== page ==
However, reports indicate that the United States multinational conglomerate General Electric’s plan to produce F414 engines, which power India’s Tejas LCA, in India and some industry watchers feel it could jeopardise the Indian government’s plan to achieve complete indigenisation, however this notion was disputed by most analysts this correspondent spoke to on background for this story. As the development of aero-engine technology for military use necessitates a profound comprehension of a range of domains, including combustion, fluid dynamics, materials, and control theory, this knowledge is not easily obtainable from textbooks but is closely held by a few corporations, such as General Electric.
India Struggles To Master Aero-Engine Technology Without Functional Wind Tunnel Facility
India’s quest to become a major player in the aero-engine technology sector has been hindered by the absence of a fully operational wind tunnel facility. The facility plays a pivotal role in studying the aerodynamic characteristics of aircraft designs and evaluating engine performance for thousands of hours to assess fatigue characteristics and degradation.
The lack of a wind tunnel means India cannot simulate or test an engine meant to function at altitudes between 40,000 to 50,000 feet or conduct validation on hundreds of components. Defence Minister Rajnath Singh admitted the challenge, promising government intervention to tackle the issue.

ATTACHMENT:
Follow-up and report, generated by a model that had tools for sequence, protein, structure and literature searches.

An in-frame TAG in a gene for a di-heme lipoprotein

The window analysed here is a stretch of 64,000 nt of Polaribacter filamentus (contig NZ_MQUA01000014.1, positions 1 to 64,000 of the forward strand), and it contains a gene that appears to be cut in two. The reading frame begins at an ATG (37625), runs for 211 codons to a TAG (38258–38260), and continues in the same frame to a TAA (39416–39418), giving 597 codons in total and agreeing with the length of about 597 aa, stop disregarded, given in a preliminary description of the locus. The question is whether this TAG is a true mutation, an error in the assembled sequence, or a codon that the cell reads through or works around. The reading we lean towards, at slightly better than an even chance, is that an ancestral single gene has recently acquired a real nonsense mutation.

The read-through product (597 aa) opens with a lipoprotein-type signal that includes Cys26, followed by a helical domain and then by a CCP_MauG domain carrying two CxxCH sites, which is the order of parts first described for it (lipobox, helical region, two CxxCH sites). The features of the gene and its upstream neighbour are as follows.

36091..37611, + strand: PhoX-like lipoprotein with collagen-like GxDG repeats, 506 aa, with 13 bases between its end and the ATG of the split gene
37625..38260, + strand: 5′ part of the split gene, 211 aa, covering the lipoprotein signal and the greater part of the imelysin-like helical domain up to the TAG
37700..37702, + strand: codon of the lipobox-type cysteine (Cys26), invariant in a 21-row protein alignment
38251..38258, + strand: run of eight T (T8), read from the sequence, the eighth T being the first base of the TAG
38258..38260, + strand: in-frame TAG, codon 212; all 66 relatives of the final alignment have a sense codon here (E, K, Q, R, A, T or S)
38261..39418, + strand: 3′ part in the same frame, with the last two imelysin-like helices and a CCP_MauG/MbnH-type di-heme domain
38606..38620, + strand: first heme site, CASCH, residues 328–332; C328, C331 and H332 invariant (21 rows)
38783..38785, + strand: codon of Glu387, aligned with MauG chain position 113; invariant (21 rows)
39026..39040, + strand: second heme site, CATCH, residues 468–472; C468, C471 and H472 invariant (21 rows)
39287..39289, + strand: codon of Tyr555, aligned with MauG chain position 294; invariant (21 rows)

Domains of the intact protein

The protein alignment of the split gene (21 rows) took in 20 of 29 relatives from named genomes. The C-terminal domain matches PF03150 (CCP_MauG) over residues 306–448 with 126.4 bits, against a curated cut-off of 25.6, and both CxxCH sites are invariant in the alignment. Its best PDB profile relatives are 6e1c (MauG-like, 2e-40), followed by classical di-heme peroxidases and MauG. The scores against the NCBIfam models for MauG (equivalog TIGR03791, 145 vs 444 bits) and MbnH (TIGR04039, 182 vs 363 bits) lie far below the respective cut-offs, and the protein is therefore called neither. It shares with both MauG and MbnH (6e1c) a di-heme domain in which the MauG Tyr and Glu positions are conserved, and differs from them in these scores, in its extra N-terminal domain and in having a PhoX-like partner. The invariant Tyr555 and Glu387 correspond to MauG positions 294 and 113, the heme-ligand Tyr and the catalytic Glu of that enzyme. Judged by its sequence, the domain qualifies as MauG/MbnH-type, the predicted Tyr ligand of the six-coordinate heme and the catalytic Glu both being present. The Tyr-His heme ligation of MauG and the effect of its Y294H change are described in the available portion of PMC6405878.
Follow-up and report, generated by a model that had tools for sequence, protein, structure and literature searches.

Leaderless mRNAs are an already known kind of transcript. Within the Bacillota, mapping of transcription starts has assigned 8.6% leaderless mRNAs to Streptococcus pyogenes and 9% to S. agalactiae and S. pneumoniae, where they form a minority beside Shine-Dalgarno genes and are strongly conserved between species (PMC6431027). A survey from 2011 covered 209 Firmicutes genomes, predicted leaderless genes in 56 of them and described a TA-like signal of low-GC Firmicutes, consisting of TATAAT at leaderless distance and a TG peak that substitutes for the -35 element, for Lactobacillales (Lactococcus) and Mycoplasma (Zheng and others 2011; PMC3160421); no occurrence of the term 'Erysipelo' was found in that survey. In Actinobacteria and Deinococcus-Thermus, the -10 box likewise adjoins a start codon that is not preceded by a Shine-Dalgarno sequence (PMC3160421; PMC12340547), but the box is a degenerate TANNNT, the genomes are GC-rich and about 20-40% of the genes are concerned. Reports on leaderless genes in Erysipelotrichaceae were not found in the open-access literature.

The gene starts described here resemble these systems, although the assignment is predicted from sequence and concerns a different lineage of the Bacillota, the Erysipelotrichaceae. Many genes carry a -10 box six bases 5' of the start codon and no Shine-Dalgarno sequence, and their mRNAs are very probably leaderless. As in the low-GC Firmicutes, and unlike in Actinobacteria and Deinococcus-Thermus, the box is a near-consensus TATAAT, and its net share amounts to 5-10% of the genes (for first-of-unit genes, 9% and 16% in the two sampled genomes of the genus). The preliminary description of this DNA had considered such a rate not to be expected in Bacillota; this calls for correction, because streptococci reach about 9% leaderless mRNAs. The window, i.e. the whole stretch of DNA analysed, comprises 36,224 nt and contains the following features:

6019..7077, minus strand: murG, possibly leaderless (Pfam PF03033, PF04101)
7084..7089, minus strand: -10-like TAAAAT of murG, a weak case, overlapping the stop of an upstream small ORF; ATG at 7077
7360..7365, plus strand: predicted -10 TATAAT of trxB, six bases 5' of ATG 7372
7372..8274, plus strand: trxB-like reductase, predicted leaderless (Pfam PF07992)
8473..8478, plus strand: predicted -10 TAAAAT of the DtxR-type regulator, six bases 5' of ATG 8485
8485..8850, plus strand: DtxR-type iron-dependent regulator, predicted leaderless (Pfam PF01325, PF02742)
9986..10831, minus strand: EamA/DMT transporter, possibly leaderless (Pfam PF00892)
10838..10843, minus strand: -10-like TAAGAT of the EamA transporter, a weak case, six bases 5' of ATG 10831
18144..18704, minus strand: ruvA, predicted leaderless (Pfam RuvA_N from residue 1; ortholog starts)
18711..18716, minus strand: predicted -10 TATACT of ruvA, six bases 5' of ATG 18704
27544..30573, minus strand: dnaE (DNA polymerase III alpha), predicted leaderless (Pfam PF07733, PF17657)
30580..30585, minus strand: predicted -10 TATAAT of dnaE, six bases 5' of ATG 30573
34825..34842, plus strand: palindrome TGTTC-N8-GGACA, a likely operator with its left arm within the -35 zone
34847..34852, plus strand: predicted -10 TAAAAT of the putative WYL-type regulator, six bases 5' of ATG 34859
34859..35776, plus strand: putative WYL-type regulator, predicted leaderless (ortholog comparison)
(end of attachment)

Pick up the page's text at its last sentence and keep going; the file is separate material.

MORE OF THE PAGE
Furthermore, the Indian government’s target to increase the domestic content of the LCA Tejas has been delayed. The aerospace sector experts contend that India’s indigenisation goal implies producing all systems locally, including those made by overseas entities operating within India.
As aforementioned General Electric’s plans to manufacture its F414 engines in India have resulted in some speculation over its impact on India’s efforts to achieve up to 100% indigenisation of the LCA Tejas however this view has largely been dispelled as an “incorrect assessment” which is “devoid of practicality.” Furthermore observers suggest that India may have to rely on future inventories for critical equipment to make it more financially viable, with the private sector partnering with General Electric suppliers to co-produce subassemblies to achieve the indigenisation goal.